chapter  10
12 Pages

Getting to the future

Introduction Is there a way forward other than only in principle? Are there real life examples of socio-economic models that have been adopted by communities or nations in building more equitable or sustainable societies? Can we learn from these not only how to proceed with transformative economic and societal changes but also how to acknowledge their limitations vis-à-vis these changes? There are many sites around the globe which deserve examination for what they have achieved in establishing more democratic, equitable and sustainable lifestyles: the Amish of the United States, the Via Campesina movement in Latin America, the Navdanya movement in India – seed savers, protectors of cultural and genetic diversity and small-scale farmers; and the list goes on. The question then arises about the practicability of such future societies. At present no economy exists which embraces the sorts of principles that might be sought for the future, with the possible exception of Cuba. There are however currently some macro and micro examples of social units that have adopted some of the characteristics essential for building future societies. They are worth exploring. The examples presented in this chapter are at different levels. Abalimi Bezekhaya in South Africa is very much a micro example among the poor living in a township on the outskirts of Cape Town that illustrates how the availability of a small pocket of communally controlled land and small-scale inexpensive support can bring not only food security to people, but a sense of mutuality, community, personal empowerment and connectedness to others. Scaling up from this, Transition Towns is a social movement originating in the UK that is seeking to build from the micro to the macro. The example of Cuba is that of a state that has undergone a radical transformation process. Each of these examples provides some insights into how aspects of future economies might operate. The case of Russia’s transition is presented in essence to show perhaps how not to do it! This chapter thus encompasses the issue of how to make the transition to a new world, particularly given the time constraints science is saying we face to prevent runaway global warming. Certainly there is a vast literature on political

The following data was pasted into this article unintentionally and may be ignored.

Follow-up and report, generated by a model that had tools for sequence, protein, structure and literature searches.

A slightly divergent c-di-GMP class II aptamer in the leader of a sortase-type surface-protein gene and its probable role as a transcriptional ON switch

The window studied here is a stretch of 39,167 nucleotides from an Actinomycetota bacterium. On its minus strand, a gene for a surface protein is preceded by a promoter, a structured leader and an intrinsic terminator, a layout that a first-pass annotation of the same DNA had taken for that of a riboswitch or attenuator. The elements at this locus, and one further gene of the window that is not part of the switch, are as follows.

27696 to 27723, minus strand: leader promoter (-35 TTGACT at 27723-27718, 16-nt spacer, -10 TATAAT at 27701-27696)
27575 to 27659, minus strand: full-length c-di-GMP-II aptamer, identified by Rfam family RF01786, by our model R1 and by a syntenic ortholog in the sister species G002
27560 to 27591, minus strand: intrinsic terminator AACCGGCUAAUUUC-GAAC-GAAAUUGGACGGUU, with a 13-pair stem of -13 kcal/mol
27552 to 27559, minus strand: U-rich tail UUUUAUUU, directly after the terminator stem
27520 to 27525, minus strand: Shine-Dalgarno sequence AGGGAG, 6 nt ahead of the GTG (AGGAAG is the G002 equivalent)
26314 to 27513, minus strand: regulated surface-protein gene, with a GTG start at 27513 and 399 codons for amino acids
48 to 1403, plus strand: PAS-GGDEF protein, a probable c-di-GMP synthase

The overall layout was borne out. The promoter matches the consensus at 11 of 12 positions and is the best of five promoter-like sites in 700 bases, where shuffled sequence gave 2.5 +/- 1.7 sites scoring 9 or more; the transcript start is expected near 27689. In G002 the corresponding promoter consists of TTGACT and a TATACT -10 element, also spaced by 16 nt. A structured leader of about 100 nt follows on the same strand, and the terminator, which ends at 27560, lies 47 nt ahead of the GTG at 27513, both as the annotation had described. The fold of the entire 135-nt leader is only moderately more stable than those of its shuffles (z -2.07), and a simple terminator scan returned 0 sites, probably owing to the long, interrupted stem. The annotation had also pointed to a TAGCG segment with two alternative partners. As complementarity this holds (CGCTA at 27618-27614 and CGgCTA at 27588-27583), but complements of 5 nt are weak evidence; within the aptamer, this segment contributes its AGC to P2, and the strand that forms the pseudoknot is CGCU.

economy transformation (see for example Ellman 1997). Much of this focuses on the transition from socialist economies to market economies; some on structural adjustment programmes; as well as some from the broad school of modernisation theory which examines the transition of peasant societies to modern societies (Mol and Spaargaren 2000). A much smaller literature is more immediately relevant to the sorts of transformation needed to address global warming (see Andreasson 2010). Where there is a gap in this literature however is on the transition from global industrial capitalist society to no growth, communitybased, localised economies. This is a formidable challenge. Looking at it from the converse perspective, Harvey (D. 2011) warns of the problems of ‘jumping scale’, looking at solutions for managing problems such as global warming at the local level does not necessarily translate into solutions at the global level. He writes, ‘lessons gained from the collective organisation of small-scale solidarity economies along common-property lines cannot translate into global solutions without resort to nested hierarchical forms of decision-making’ (ibid.: 102). Yet, we must urgently begin ways of exiting the capitalist system and the imperative for growth. Without a clear way forward, I believe that we must validate and support all attempts to break from the capitalist social relations of production and the imperatives of capitalism and work towards solidarity amongst alternatives. By doing so, by embracing and supporting the Transition Towns, the Abalimi Bezekhayas, the Campesino movements, we are building a solidarity across alternatives to capitalism, showing examples of how it is possible for people to become empowered and positively involved in making their own history, that it is possible to form new values in which we are comfortable and at home. As previously noted from äiåek’s observation ‘it is easier to imagine the end of the world than the end of capitalism’. Yet it is clear that we must. We must at every opportunity show that capitalism is not the only viable political and economic system, that there are coherent and current alternatives to it.